One year and 35% after their last get together, Berkshire Hathaway (BRK.A) (BRK.B) shareholders have plenty to be happy about. The company posted a 51% increase in first quarter profits, earnings of nearly $3,000 a share, a 5.5% increase in book value and, most of all, a record high share price that has made Berkshire the fifth most valuable company in the world.
It’s a quarter and a trend that renowned Buffettologist Jeff Matthews says reflects the fact that Berkshire’s 80 businesses are in the right place at the right time.
"What it says is the U.S. is doing great. Companies like GE and Siemens that are worldwide are having trouble outside the U.S. Berkshire is 95% U.S. and they're knocking the cover off the ball," he states from the exhibition hall at the Century Link Center in Omaha, Nebraska.
Of course, with each passing year, the talk only grows about who will ultimately try to fill the shoes of 82-year-old chairman Warren Buffett. In fact, the first question at today's annual shareholder meeting raised the issue. Buffett confessed it's “the number one subject our board considers at every meeting.”
That said, he also assured the crowd that preserving the culture is key to future success after he’s gone, noting that if "something foreign were introduced into this system," the partners and shareholders would reject it.
His 89-year-old vice chairman, Charlie Munger, was characteristically more blunt on the matter, saying, “To all the Mungers in the audience, don’t be so stupid as to sell these shares.”
Larry Cunningham, author of The Essays of Warren Buffett, says the Oracle’s ‘’ultimate achievement’’ is that he’s made Berkshire bigger than himself.
"It's true Berkshire is massive, but each of the subsidiaries is where all the action takes place," he says. "It's not the same kind of size as you see with large financial institutions."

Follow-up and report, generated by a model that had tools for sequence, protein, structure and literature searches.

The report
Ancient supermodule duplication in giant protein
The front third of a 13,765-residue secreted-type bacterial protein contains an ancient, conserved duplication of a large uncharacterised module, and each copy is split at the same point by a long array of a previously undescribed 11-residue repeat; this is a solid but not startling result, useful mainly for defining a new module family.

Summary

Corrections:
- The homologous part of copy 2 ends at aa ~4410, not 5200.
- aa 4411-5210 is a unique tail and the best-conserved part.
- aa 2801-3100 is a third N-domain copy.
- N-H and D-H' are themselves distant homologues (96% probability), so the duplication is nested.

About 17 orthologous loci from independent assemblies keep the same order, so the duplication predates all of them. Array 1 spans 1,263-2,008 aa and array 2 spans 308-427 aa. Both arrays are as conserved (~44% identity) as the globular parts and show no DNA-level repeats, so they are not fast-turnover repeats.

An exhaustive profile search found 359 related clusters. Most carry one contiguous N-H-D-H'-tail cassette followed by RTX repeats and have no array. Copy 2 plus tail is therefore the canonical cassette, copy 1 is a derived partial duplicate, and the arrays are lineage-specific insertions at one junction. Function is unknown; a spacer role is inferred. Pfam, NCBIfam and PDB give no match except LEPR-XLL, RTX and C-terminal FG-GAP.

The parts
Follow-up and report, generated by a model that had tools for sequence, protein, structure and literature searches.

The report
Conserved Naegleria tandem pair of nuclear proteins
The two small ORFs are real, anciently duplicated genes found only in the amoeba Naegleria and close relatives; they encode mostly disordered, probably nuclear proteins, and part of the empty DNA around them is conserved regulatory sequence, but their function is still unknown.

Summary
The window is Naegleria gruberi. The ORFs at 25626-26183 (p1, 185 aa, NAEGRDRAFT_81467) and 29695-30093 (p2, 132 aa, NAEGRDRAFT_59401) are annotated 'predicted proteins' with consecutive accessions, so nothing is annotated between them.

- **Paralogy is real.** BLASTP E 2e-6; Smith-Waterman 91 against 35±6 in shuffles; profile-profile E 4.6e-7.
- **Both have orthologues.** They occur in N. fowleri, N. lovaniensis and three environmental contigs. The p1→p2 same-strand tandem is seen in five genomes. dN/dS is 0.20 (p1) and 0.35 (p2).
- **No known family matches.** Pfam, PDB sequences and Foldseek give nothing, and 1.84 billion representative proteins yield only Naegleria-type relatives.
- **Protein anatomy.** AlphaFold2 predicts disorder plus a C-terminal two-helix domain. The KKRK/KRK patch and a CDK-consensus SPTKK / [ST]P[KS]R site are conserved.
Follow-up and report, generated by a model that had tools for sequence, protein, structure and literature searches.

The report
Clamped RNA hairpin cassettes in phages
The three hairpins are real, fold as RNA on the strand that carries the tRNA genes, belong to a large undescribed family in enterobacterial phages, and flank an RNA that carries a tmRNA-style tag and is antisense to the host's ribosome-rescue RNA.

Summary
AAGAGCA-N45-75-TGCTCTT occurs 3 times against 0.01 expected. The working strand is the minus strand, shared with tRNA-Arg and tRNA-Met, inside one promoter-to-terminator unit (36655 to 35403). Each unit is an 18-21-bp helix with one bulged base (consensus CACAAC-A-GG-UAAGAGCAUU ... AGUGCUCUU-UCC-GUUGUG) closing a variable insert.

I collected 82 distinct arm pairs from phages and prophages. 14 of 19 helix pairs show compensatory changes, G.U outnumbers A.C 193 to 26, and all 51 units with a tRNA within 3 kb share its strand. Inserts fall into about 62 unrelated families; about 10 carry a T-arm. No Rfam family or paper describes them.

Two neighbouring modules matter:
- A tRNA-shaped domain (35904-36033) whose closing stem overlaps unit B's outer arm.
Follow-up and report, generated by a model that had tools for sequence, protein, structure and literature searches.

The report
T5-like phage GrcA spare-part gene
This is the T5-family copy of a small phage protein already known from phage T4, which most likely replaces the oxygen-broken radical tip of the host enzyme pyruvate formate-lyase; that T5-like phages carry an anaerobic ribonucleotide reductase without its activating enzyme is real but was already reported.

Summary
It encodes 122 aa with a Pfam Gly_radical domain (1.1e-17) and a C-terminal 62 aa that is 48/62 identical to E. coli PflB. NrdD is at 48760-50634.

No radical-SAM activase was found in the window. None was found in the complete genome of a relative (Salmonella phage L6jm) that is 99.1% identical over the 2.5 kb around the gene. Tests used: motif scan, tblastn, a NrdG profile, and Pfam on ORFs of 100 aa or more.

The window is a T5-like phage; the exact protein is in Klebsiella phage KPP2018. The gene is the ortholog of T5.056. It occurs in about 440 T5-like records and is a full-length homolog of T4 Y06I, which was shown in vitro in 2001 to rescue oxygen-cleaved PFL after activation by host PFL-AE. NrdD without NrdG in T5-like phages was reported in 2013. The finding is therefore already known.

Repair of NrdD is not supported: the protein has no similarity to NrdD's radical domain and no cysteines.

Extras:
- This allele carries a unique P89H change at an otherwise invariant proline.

This year's meeting was the first time that a known "bear" was invited to challenge the Oracle’s empire in front of his followers. Famed fund manager Doug Kass of Seabreeze Partners noted that acquisitions are not only getting bigger and bigger, but they’re being done at higher prices or multiples than they have historically. He said this is resulting in a company that risks becoming an index fund rather than an efficient investment machine.
While Buffett concedes that it’s getting tougher to “move the needle” as Berkshire gets bigger, he points out that he’s “always known it would be.” But he defended the franchise by saying ‘’we own a lot of great companies...have a one-of-a-kind culture," before wryly adding that “you haven’t convinced me yet to sell the stock, keep working.”
Other key issues raised at the meeting include discussion of the Federal Reserve's quantitative easing program. Buffett said QE is a "huge experiment" into "uncharted territory" and it will be harder to unwind than it’s been to wind up.
When asked about the impact of Dodd Frank legislation on the financial sector, Buffett defended the role of regulators but also the role of lenders, saying his insurance businesses aren’t really being affected. Further, he’s happy with his bank investments and is confident that it won’t be the banks that cause the next crisis.
Ultimately, this weekend was nicknamed the Woodstock of Capitalism for good reason, as it is clearly more about adulation than criticism.
As one loyal attendee quipped, "The Berkshire annual meeting is sort of like going church. You know what you're going to get. You know what you believe in. But you still come back every week."
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